May 22 2013 Latest news:
Sunday, September 9, 2012
Fourth Paralympic Games gold for Londoner
David Weir completed a remarkable Paralympic campaign by winning his fourth gold medal from four events as he stormed to victory in the T54 men’s marathon.
And Shelly Woods followed him home in style with silver in the women’s race to claim Britain’s last medal of the London Games.
The host nation finished with 120 medals in total, including 34 golds, 43 silvers and 43 bronzes.
Londoner Weir, who had already collected golds in the 800m, 1500m and 5000m, rounded off his campaign a with a sprint finish along The Mall that left his opponents battling it out for silver and bronze.
Cheered on by a huge crowd, Weir came home in one hour 30 minutes and 20 seconds to beat Marcel Hug of Switzerland into second place by a second, with defending champion Kurt Fearnley of Australia taking bronze, also a second behind Weir.
“That was the toughest race I’ve ever raced in my life,” said Weir.
“I was absolutely dying in the first five miles. I didn’t think I’d manage to cope with the heat. I felt flat and I had to dig deep.
“I had an energy shot just to keep going. That was meant for about 16 miles, not the first five miles.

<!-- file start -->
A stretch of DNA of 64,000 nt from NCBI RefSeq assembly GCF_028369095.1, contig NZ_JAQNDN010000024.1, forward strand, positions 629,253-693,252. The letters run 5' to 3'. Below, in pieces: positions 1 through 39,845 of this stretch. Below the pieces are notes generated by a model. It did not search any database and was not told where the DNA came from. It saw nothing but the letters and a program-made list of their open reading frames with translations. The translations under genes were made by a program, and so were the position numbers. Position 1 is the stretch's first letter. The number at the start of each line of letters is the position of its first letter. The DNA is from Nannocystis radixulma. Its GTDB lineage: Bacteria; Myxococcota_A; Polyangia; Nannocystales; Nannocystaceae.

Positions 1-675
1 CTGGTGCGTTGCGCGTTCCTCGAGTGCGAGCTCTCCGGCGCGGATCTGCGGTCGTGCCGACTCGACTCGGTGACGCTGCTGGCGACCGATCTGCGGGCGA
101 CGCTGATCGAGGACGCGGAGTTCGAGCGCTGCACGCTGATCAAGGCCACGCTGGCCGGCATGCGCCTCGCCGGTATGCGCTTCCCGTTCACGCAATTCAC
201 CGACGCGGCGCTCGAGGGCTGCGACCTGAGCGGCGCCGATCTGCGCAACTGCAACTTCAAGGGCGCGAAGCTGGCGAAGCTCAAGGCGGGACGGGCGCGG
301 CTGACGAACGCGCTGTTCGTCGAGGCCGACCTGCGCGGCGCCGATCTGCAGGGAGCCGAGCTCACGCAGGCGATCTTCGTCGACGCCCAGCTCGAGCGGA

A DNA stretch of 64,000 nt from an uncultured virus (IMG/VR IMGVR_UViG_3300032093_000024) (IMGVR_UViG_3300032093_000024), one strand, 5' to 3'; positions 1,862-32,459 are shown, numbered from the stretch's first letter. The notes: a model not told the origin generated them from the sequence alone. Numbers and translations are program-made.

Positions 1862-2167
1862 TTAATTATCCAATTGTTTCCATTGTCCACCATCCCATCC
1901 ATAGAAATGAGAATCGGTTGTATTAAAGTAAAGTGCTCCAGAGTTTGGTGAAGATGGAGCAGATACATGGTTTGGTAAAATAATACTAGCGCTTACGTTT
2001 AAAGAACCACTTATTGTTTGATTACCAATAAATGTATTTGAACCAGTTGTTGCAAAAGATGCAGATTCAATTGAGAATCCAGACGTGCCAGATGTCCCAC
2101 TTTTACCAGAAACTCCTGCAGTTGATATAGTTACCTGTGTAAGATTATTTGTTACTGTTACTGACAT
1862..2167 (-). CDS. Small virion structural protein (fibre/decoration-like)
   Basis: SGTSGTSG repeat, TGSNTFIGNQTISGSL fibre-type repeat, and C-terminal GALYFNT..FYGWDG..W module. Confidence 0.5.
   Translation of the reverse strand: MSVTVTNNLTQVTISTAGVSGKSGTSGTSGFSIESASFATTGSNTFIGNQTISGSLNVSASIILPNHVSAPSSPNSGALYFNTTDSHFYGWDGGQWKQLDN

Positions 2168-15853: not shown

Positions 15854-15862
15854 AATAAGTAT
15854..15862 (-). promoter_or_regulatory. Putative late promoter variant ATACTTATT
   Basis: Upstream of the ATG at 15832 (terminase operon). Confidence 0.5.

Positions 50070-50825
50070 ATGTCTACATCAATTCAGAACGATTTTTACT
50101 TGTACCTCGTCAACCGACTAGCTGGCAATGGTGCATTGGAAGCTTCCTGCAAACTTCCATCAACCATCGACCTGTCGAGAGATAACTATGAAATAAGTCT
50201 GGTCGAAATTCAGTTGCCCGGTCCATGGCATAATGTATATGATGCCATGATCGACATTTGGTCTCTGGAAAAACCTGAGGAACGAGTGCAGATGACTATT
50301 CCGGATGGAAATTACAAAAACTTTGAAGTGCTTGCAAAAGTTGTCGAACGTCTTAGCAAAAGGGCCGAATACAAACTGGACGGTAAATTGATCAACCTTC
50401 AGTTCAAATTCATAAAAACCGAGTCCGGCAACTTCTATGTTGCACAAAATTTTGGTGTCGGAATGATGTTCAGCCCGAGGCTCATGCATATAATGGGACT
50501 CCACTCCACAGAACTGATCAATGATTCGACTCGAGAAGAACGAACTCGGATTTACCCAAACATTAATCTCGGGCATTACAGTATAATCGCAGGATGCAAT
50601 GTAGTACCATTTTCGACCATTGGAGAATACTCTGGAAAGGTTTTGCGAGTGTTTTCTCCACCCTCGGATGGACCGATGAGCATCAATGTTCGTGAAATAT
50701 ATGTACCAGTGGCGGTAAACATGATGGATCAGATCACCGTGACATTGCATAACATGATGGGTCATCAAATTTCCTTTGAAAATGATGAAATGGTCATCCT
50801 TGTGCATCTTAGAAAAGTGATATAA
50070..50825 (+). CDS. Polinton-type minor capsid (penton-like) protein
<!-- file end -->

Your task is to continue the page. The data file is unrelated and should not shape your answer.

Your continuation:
“They were all working together to try to stop me, but I’m used to that, I just do my own thing and race the best I can,” he added.
“The crowd were just awesome, I’ve never seen that before for the whole race. When I couldn’t feel my push rims, they were getting me through. My whole body was tingling.
“I knew on the final stretch I had to dig deep. I didn’t know where the finishing line was, so I carried on pushing. I didn’t know how close they were behind me.
“I sprinted as hard as I could. I thought I went too early, but my arms didn’t feel tired. I had a sneaky look back and there was a good two chair-lengths back.
“I knew I had lots and lots of top speed. I knew on the final stretch I had to keep doing what I do in Richmond Park with the cyclists when I do a mile in under three minutes.”
Weir said he was pleased to strike gold in all four of his events at London 2012.
“I trained for all four events, but you can’t train for the emotions. I didn’t know how my body would feel this morning. I’ve never done so many races before,” he added.
“I’m honoured that on the front and the back pages Paralympic sport had got the recognition it should do. We’re super humans and phenomenal athletes.”
Woods has just missed out on a marathon medal in Beijing four years ago, coming fourth, and also missed out on the track in the Olympic Stadium.
But she provided a silver lining and said: “I can’t describe how great it feels. That was such a hard race, probably the hardest marathon I’ve ever pushed in my life.
“It’s been such a tough week mentally. Physically my speed has been the best it’s been for the past few years, but the other girls were better tactically on the track.
“I still had the speed to sprint for the finish after 26 miles. It hurt, but all the hurt was worth it now.
“I wanted this so badly. I’ve been training for this for four years. To get a silver medal in London is amazing. It’s fantastic.”